Mount Everest is located inside the Sagarmatha National Park, Solukhumbu. Trekkers need to obtain necessary national park entry permits. There is a checkpoint in Monjo, which the staff there enforce that you had obtained the correct permits. There are few checkpoints along the way where you need to register your permit. If you are trekking through an agency, they will issue this permit for you.
For independent trekkers, the cost is the same to those trekking through an agency. This permit can be issued either in Kathmandu or directly in Monjo. The cost is the same in both Kathmandu and Monjo. Personally, we recommend you issue the permits directly in Monjo.
>> First Aid kit that includes: Pain Killers (Ibuprofen or Paracetamol), Diamox (Acetazolamide) if you choose to use this, Zinc oxide tape and small scissors, Compeed Blister Pads, Loperamide Diahorrea Tablets, Dioralyte sachets or similar rehydration packs and Any medication you normally use.
** Note; that your guide will carry a more comprehensive medical kit…
>> Trekking Route map.
>> Insurance (YOU MUST HAVE THIS FOR ANY GOKO TRIPS)
> DIOMAX (altitude sickness pills)
Before embarking on your great adventure you have to consider two very important opinions (& honestly I do not recommend number 1…and ill explain why later):
1) Trek to base camp without a guide. Here you are required to organise your own accommodation at each village along the way, buy and prepare your own food, supply all our own equipment, register your trekking permits and be your own porter. Whats more, you will have to book your flights from Kathmandu to Lukla (note: flights can only take off if the weather conditions are perfect in 3 different locations due to the size of the aeroplane- if your flights are cancelled for the day, you are not refunded)
2) Trek to base camp with a guide. Guides treks include accommodation, food, down jackets, sleeping bags, permits, flights (paid reschedule if cancelled) and a porter if necessary.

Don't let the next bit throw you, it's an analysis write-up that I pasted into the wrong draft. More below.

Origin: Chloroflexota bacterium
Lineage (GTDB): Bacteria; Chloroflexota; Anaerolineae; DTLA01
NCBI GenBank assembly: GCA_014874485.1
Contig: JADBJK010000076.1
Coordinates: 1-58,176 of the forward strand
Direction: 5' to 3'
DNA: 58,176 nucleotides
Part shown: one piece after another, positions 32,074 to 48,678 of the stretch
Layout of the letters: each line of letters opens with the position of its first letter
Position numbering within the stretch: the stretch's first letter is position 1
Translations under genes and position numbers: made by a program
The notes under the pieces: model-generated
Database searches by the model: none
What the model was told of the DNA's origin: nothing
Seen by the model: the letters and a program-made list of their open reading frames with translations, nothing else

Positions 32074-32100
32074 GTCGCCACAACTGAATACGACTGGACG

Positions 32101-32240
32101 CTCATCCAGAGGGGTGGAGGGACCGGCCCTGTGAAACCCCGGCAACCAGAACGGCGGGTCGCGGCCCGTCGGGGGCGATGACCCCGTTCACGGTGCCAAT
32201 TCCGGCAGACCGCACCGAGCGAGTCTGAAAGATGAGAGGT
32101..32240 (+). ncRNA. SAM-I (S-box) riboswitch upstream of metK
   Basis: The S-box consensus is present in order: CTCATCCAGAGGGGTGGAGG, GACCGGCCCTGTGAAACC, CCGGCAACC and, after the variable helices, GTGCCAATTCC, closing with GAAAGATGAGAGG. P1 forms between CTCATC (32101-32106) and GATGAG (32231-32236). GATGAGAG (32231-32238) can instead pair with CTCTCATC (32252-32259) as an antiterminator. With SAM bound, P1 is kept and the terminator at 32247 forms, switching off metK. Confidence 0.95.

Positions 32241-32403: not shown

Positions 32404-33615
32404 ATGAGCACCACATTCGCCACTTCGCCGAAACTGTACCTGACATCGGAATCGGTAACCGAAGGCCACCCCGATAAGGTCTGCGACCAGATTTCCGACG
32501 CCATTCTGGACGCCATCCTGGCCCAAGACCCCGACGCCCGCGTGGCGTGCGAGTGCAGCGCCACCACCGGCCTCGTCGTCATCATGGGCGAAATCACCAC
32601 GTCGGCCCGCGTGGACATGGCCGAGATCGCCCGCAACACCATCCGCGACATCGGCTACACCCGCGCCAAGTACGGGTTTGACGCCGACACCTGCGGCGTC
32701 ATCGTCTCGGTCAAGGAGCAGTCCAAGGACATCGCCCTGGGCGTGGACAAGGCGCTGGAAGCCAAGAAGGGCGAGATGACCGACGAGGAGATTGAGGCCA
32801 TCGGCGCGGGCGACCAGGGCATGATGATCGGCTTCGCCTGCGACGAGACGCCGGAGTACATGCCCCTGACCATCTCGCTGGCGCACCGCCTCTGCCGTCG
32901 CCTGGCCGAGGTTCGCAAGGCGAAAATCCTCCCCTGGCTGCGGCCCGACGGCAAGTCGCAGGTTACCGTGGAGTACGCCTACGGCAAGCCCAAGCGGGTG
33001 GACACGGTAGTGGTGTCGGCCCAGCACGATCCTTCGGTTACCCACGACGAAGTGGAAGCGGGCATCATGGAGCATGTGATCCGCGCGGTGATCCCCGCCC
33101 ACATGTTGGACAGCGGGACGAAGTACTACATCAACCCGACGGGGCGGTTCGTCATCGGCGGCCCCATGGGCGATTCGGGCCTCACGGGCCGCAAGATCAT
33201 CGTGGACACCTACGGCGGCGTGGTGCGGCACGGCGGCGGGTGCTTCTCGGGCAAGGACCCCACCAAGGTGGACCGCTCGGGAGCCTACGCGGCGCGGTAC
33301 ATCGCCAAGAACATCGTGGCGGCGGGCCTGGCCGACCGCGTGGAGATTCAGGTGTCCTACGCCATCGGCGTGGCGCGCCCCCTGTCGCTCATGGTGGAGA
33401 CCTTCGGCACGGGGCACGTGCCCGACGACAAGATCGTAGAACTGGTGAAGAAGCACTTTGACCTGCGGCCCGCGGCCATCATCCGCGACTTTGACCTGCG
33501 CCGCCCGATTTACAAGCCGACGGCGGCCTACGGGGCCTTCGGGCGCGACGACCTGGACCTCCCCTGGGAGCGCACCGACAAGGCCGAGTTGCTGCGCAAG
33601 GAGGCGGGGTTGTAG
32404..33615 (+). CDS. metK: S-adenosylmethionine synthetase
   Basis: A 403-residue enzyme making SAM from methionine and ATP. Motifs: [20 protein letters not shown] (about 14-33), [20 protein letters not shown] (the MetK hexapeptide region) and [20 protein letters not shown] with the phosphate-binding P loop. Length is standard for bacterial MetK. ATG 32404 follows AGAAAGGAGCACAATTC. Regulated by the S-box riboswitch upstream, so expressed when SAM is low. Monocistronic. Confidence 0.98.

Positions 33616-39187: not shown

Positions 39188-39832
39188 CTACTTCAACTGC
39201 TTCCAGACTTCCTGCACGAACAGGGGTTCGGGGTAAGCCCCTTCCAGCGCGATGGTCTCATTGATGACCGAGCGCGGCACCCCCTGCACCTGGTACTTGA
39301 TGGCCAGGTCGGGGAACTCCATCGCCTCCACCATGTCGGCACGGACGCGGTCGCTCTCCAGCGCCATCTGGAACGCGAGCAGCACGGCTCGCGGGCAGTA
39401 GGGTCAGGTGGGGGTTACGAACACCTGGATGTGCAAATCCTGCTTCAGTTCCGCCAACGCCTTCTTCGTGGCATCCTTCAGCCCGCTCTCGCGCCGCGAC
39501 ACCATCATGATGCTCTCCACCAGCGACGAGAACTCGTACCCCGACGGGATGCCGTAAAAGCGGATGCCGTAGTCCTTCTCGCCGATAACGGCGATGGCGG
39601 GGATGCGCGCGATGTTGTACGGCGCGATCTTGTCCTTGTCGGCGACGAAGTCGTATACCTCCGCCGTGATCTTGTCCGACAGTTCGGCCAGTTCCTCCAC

(Note: trekking up to base camp without a guide is doable, however, personally we would not recommend this if you are not a serious hiker and have not yet been as high as 5550 meters)
After arriving in Kathmandu, we were greeted by our incredibly friendly GoKo guide and tour leader: Binod. Captain Binod has been a tour guide for over 12 years and had climbed to Everest Base Camp countless times. With that knowledge, we felt in very safe hands.
After partnering back up with my best bud after 3 months apart (ohh, the pain), we sat down in our hotel to be briefed on the epic journey ahead.
Here is the day-to-day itinerary we received (this is normally the same for all organised treks):
>> Day 01: Arrival day in Kathmandu International then transfers to Hotel.
>> Day 02: Kathmandu city tour and trek preparation.
>> Day 03: Fly to Lukla at 2840m (9088 Ft), then trek to Phakding at 2610m (8352 Ft).
>> Day 04: Trek from Phakding to Namchebazaar at 3440m (11008 Ft).
>> Day 05: Rest day at Namchebazaar.
>> Day 06: Trek from Namche Bazaar to Tengboche at 3860m (12352 Ft).
>> Day 07: Trek from Tengboche to Dingboche at 4410 (14112 Ft).
>> Day 08: Rest day at Dingboche.
>> Day 09: Trek from Dingboche to Lobuche at 4910m (15712 Ft)
>> Day 10: Trek from Lobuche to Gorekhshep at 5140m (16448 Ft), then trek to Everest Base Camp at 5364m (17165 Ft).
>> Day 11: Hike to Kalapathar at 5550m (17760 Ft), then back to Pheriche at 4240m (13568 Ft).
>> Day 12: Trek from Pheriche to Namchebazaar at 3440m (11008 Ft).
>> Day 13: Trek back to Lukla at 2840m (9088 Ft).
> Day 14: Fly back from Lukla to Kathmandu at 1300m (4160 ft) then transfers to hotel.
Note: Due to the bad weather of domestic flights from Kathmandu to Lukla and after the trek from Lukla to Kathmandu are delayed by a few hours or cancelled for a day or more. It could happen even in best trekking seasons, as climate change has begun to dramatically affect the world and especially the Himalayan Region of Nepal.